The same year, the county lost its drug treatment court, which aimed to rehabilitate people rather than incarcerate them.
"While these cuts were not technically a part of Justice Reinvestment, they comprised a significant loss of services at the local level," Rubert said in an email.
A cornerstone of the Justice Reinvestment Act is to ensure that everyone released from prison has direct supervision. The state has hired 175 more probation officers to fulfill that mission.
But the law applies only to people coming out of prison after Dec. 1, 2011, when the legislation took effect. Last year, 818 people left prisons and returned to Cumberland County. Of those, 496 were unsupervised – or 61 percent.
And while Hoke, Scotland and Robeson County received a combined $125,000 to establish a re-entry council, Cumberland County was left out.
Nicole Sullivan, director of rehabilitative services for the Department of Public Safety, said the site selection for the state's five pilot re-entry councils was based largely on a county or rural area's ability to sustain the mission through a collaborative effort led by an established agency.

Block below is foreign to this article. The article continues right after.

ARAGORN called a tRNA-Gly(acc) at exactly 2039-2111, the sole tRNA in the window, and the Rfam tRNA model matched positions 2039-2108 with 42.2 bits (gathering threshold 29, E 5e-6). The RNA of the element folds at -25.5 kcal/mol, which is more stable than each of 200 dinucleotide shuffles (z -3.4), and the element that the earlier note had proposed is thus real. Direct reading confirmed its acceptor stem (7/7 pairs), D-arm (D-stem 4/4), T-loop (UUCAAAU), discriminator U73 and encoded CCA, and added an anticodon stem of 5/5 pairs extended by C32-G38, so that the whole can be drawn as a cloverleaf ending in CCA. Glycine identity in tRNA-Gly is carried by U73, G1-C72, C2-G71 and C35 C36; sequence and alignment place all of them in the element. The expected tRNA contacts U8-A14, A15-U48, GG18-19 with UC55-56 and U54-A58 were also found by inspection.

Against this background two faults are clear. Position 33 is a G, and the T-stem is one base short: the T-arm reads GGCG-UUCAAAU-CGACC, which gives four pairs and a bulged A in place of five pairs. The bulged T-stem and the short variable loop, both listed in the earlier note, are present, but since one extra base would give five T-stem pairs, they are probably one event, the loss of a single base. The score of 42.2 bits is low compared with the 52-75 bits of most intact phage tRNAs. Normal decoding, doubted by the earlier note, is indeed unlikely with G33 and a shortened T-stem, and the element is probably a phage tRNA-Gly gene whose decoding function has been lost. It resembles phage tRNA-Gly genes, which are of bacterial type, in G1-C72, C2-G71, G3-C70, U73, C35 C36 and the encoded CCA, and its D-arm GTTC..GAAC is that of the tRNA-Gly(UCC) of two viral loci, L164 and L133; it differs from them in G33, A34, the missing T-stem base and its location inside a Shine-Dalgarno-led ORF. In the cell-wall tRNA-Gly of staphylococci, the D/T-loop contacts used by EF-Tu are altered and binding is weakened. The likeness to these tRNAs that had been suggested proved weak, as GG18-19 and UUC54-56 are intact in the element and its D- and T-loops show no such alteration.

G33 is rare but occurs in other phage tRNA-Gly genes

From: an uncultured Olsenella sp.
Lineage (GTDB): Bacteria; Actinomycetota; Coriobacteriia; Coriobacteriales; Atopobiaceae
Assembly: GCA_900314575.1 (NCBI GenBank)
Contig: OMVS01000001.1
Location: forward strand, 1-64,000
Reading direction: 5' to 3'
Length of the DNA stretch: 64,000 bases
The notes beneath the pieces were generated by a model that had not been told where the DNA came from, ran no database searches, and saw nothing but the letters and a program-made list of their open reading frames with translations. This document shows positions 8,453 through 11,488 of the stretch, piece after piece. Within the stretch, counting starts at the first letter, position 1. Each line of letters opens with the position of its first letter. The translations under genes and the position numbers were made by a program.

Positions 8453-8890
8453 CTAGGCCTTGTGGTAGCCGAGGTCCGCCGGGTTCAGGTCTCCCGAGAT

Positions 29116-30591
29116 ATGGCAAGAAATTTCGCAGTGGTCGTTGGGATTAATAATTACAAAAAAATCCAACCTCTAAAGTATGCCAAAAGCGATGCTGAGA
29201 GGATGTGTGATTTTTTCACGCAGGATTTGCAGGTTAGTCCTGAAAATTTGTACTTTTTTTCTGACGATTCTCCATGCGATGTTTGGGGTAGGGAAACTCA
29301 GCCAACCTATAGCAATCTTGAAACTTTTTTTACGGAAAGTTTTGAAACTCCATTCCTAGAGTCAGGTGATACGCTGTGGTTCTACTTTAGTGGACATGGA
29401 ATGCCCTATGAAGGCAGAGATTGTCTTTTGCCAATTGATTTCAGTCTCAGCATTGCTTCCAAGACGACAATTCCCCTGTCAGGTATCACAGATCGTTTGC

The agency chosen for Hoke, Robeson and Scotland counties is the Center for Community Action, headed by longtime activist Mac Legerton. Each of the three counties has a separate council, as well.
Sullivan said the primary mission is to provide "one-stop shopping" for former prisoners needing assistance landing a job or getting housing or transportation. The council has a two-member paid staff that coordinates closely with prisons, probation officers, and the organizations, businesses, law enforcement officers and religious groups that can provide help.
The five re-entry councils started operating about nine months ago, Sullivan said. Since then, she said, an estimated 100 of the 400 people served have found jobs.
Legerton said about 40 people have found jobs through the re-entry council for Hoke, Robeson and Scotland counties. Legerton called the council "very successful," though he would like to see more funding.